This course guides students through the study of living and non-living systems and how they interact with one another. Students explore the world they live in by posing questions and seeking answers through scientific inquiry. Discovery takes place through observation and data collection. Broad topics include the structure, function, diversity, and evolution of organisms on Earth. Learning outcomes for the course concern the ways in which microscopic and macroscopic features of life determine its functions, the dynamic processes occurring within and between organisms and their environments, and the methods that scientists use to generate hypotheses, design experiments, and refine their understanding of the natural world. Key concepts are intentionally related to key concepts in other fields such as math, literary arts, and social studies.
This course adopts perspectives from physical and human geography, history, and anthropology to examine relationships between humans and their environments. Students explore the evolution and interaction of communities around the globe and the shared challenges these communities face, from climate change, to loss of biodiversity, to social inequality. After an overview of methods and perspectives (these include cartography, the study of geographic terrain, and more widely-applicable analytical approaches) each unit is structured around a core skill and its application in a particular world region. As the course proceeds, students draw connections and comparisons, strengthening their ability to research, synthesize, and critically assess different perspectives and contextualize current events within and across regions. By the end of the year, students have honed their perspective-taking, research, pattern analysis, and systems thinking skills and expanded their understanding of spaces and communities around the world.
Literary Arts Fundamentals
This is a literature‐based language arts development course. Students learn fundamental skills in reading, writing, and thinking, based on the reading and analysis of high quality works of fiction and nonfiction by the greatest authors of the past and present. Each of the three units centers on the development of cross-genre skills, like interpretation, making persuasive appeals, and creative writing. In the first semester, students engage with and create works of fiction, nonfiction, and poetry. Assignments emphasize core areas for developing language arts skills including reading for information and appreciation, writing in multiple genres, revising and editing one’s work, building vocabulary, and creating rich and varied sentences. Synchronous class activities provide students opportunities to practice these skills in a collaborative environment, designed to create cross-discipline connections and opportunities to apply their learning outside the classroom.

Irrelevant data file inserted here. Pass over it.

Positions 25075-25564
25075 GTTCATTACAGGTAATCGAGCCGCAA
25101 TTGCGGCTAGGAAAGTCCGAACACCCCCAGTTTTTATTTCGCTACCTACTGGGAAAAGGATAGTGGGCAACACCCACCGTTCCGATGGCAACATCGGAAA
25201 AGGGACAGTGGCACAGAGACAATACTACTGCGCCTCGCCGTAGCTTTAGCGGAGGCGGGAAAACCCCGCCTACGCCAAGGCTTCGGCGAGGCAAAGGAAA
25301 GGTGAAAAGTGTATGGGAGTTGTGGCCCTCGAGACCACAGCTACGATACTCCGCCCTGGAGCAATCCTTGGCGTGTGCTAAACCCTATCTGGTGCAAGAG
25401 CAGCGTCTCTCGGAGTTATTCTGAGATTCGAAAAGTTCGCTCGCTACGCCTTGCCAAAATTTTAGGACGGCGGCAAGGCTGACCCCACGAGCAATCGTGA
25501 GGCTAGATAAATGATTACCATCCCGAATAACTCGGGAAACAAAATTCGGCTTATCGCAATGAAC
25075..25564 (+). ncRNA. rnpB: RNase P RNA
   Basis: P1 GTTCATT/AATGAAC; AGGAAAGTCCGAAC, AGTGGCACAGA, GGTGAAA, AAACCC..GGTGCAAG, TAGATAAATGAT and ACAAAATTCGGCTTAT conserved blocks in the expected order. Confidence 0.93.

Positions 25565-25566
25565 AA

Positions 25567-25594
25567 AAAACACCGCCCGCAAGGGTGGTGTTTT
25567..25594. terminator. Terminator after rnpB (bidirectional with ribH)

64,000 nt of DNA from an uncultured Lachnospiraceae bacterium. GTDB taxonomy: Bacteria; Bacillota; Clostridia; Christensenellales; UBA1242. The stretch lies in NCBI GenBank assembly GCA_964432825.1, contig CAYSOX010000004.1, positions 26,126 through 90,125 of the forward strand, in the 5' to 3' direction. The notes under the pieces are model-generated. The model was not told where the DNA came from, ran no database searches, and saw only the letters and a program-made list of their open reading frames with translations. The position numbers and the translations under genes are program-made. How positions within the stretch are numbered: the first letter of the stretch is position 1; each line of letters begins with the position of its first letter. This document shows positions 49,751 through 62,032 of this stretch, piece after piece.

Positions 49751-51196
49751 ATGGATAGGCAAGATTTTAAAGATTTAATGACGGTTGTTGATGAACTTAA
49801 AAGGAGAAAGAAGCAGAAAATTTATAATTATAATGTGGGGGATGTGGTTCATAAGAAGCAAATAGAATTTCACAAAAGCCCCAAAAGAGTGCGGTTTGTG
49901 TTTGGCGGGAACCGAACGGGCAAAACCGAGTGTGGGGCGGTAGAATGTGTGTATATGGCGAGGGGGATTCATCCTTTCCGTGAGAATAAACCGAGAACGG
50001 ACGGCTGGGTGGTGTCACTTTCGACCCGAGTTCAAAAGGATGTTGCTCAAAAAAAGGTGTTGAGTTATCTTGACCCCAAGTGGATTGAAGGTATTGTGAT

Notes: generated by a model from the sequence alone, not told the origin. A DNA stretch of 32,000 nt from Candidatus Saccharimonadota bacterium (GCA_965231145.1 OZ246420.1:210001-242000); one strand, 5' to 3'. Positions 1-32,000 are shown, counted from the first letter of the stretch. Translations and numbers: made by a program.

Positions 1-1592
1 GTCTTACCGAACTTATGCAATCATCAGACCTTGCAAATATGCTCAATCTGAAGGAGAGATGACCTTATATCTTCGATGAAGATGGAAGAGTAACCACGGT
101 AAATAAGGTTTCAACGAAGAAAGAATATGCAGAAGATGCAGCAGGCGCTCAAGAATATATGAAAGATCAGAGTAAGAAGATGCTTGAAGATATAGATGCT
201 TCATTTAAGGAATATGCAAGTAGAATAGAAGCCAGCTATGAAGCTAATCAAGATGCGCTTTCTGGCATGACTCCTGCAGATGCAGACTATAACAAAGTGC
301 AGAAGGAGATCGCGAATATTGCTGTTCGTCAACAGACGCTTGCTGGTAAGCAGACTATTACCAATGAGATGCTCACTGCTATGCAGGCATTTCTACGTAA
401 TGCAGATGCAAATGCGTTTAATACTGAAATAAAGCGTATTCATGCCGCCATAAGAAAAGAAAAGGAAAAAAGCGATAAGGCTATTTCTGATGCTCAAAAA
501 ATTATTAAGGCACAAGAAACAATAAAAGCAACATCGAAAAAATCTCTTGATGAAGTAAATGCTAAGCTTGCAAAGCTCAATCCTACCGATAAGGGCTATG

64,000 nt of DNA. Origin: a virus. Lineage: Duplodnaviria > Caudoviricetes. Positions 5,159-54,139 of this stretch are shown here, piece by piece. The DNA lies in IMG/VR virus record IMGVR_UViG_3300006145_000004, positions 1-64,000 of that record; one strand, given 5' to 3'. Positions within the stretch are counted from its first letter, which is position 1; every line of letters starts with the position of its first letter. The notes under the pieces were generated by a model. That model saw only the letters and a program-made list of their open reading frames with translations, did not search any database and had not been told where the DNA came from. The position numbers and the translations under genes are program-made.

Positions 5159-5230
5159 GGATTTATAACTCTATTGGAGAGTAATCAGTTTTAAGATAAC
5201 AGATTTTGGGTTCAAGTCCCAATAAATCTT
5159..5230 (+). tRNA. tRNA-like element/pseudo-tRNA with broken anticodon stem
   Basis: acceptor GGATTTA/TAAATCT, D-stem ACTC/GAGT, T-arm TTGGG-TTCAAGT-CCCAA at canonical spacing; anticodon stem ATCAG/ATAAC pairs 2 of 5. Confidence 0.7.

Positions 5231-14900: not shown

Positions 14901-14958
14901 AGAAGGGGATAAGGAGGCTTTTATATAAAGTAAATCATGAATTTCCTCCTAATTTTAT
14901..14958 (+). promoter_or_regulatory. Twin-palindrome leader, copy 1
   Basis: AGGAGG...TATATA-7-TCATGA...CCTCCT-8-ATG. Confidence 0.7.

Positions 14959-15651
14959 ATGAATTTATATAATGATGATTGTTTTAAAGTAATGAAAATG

This course introduces students to foundational elements of geometry: points, lines, triangles, quadrilaterals, and circles. Students learn to apply basic transformations to these shapes, to evaluate them for similarity and congruence, and to perform fundamental operations such as finding the distance between two points, the slope and midpoint of a line, and the volume of a figure. To provide early exposure and comfort with more contemporary topics, students learn basic logic and computer programming, beginning with flow charts and geometric proofs that employ them. They also complete a unit in statistics and probability, including work in basic combinatorics. Throughout the course, numerous activities and core assignments emphasize the application of these concepts to real-world scenarios and problems.
Social and Emotional Learning
Social and emotional learning (SEL) is now recognized as an invaluable component of student development. Throughout this course, students will reflect on their own SEL skills and abilities, and their interactions with those around them. Students will spend the first half of the course looking at themselves: executive functioning, self-awareness, and self-management. Through reading, watching, and reflecting on the science of learning and their own habits and emotions, students will develop productive introspection. The second half of the course will encourage students to look outward in their interpersonal relationships and the ways in which they are actively engaged with the world around them. Understanding how effective interactions are formed, maintained, and will be the focus of the final three learning outcomes: social awareness, relationship skills, and responsible decision making.